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The Washington times. [volume] (Washington [D.C.]) 1902-1939, September 10, 1919, FINAL EDITION, Image 2

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(Continued from First Page.)
''lis staff rode up to the starting point,
there the division. iR full equipment.
Vraa bivouacked with all its artillery
and kindred engines of war turning
the prosaic -avenue and park into a
king- replica of a city or wartime
At the stroke of the hour. "Black
Jack" Pershing gave a sharp com
inand. the shajJeless mass of olive
drab began to assume form, and the
division with the general and his
taff at their .head, began to move
iown the aveaue-wlth machine-like
Precision. This was a signal that
SalyanlEed the entiling crowds into
action, and a shout went up that
crowned the strains of a quickstep
T?n!ch the divisional band had struck.
'Horse Becomes XJaraly.
Grim and erect, Pershing gazed
Tixedly ahead as he rode, seemingly
-anconsclous of the personal tributes
showered upon him. His mount,
frightened by the noise, became un
ruly, but the general reined it into
quick submission.
Behind the general rode two non
cems, one bearing the Stars and
Stripes, the other Pershing's four
starred pennant. Then came his staff,
followed by the famous "composite
regiment representing practally
every unit in the Jl. E. F.whicJP par
ticipated in the lionden and Paris
Victory parades."
More than 1,000 wounded men of
the First, borne in automobiles, were
next in line. They were showered
with flowers, cigarettes, and candies.
There followed rank after rank of
infantry, artillery and machine gun
ners, supply and hospital trains and
all other sections of the division. A
heavy mist, hovering low over the
earth cast grlmness over the mov
ing battalions that the gay decora
tions and the enthusiasm of the
crowds could not dispelL
Parade Is Realistic.
, The doughboys,,their backs bent
under 60-pound packs, with bayonets
fixed and shrapnel helmets pulled
forward at a business-like angle,
plodded along at the semi-shuffling
gait that had been acquired by long
ssenths of hiking in the miyi and
ruck of France. It was not so showy
as a parsBe ground step, but it had
. realistic air that gripped the.
crowds as nothing else could. Near
Forty-second street several hundred
wounded of other divisions, still un
der treatment in. military hospitals,
were grouped.
At -the end of each hour the division
aalted for a ten-minute rest. These
periods were made the occasion- for
Impromptu receptions to the soldiers
fey the admiring throngs. The parade,
it was estimated, would require six
heurs in passim?.
Crowds. Brave "Weather.
The weather was gray and foggy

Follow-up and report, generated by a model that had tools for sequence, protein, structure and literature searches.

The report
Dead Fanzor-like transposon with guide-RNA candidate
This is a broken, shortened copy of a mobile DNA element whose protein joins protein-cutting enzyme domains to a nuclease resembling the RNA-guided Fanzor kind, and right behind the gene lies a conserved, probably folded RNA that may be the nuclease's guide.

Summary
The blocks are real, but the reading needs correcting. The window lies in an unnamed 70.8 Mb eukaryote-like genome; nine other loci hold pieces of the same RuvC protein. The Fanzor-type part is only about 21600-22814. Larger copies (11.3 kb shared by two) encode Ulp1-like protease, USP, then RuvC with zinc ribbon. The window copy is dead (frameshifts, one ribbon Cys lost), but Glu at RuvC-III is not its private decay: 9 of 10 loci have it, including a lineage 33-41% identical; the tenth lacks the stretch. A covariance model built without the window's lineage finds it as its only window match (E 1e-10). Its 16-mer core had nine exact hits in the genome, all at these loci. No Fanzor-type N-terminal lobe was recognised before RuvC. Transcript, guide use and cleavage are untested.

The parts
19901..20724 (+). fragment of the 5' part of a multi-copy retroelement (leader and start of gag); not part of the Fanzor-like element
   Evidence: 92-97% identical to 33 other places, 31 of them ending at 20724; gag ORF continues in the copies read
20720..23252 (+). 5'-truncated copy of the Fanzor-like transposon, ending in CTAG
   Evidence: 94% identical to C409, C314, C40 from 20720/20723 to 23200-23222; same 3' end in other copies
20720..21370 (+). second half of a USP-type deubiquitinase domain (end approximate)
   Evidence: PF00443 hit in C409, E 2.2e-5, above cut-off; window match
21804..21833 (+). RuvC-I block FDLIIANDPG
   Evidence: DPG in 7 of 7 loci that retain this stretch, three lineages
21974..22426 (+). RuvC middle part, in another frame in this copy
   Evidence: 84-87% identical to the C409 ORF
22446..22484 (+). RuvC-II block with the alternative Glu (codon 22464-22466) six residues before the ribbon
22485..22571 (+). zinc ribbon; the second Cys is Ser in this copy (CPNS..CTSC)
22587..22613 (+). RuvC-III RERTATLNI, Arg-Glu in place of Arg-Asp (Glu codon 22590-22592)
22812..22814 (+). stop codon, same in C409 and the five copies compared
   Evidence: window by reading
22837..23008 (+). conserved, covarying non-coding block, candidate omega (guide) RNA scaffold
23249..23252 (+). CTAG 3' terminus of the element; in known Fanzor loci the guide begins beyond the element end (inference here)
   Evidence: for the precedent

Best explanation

and sunless with a threat of rain in
the heavy wet breeze. But in spite
ef mist and murk crowds began
Catherine; along the line of march"
long bafore 10 o'clock, the hour set
Rube Goldberg's Boobs
copyricht. iru.
By R. U Goldbr'.-i-
Automobiles Are lake Babies
They're Always the Best
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110th street on their long
hike to Washington arch.
.From the enormous vanguard which
began lining the streets and .rof
tops and filling windows and grand
stands it was early evident that the
police department had not exagger
ated when they made preparations to
handle a jam of probably 2,000,000
This estimate included all the spec
tators those in the buildings and
tree topsand the periscope area in
the rear as well as. the lucky ones
who acclaimed General Pershing and
his valiant warriors from bleacher
stands and the front ranks of the
crush that .filled the sidewalks to
6,000 Policemen Check Crowds.
Six thousand policemen held 'the ex
uberant multitude in check.
The tumult and , shouting which
greeted. General Pershing on bis ar
rival Monday was again In, evidence
today only on a bigger scale than
ever. .More people got a cnance to
see .the world famous soldier at close
e The sight . of the long khaki-clad
column that followed .him made quiv
ry little thrills run up and down
the spine of the spectators and
brought tears of excitement to the eye
and mado people yell whether they
wanted to or not.
The troops 'begaa-fo'rraing' an hour
before the Tanguard of the-procession
Provided on
Court of Honor
Reviewing Stand
To Meet Unexpected
: Friday9 A. M.
1306 G St. N. W.
Mail orders, seeempuied by
checks, will be dated asd- filled
lifl order received.
Prices, $2 and $3 per seat, plus
10 per cent war tax.
swunir south with General Pershing,
the lean-locked ranks xt fcelmetedH' Btern; Sart!al-flgure, 'proudly erect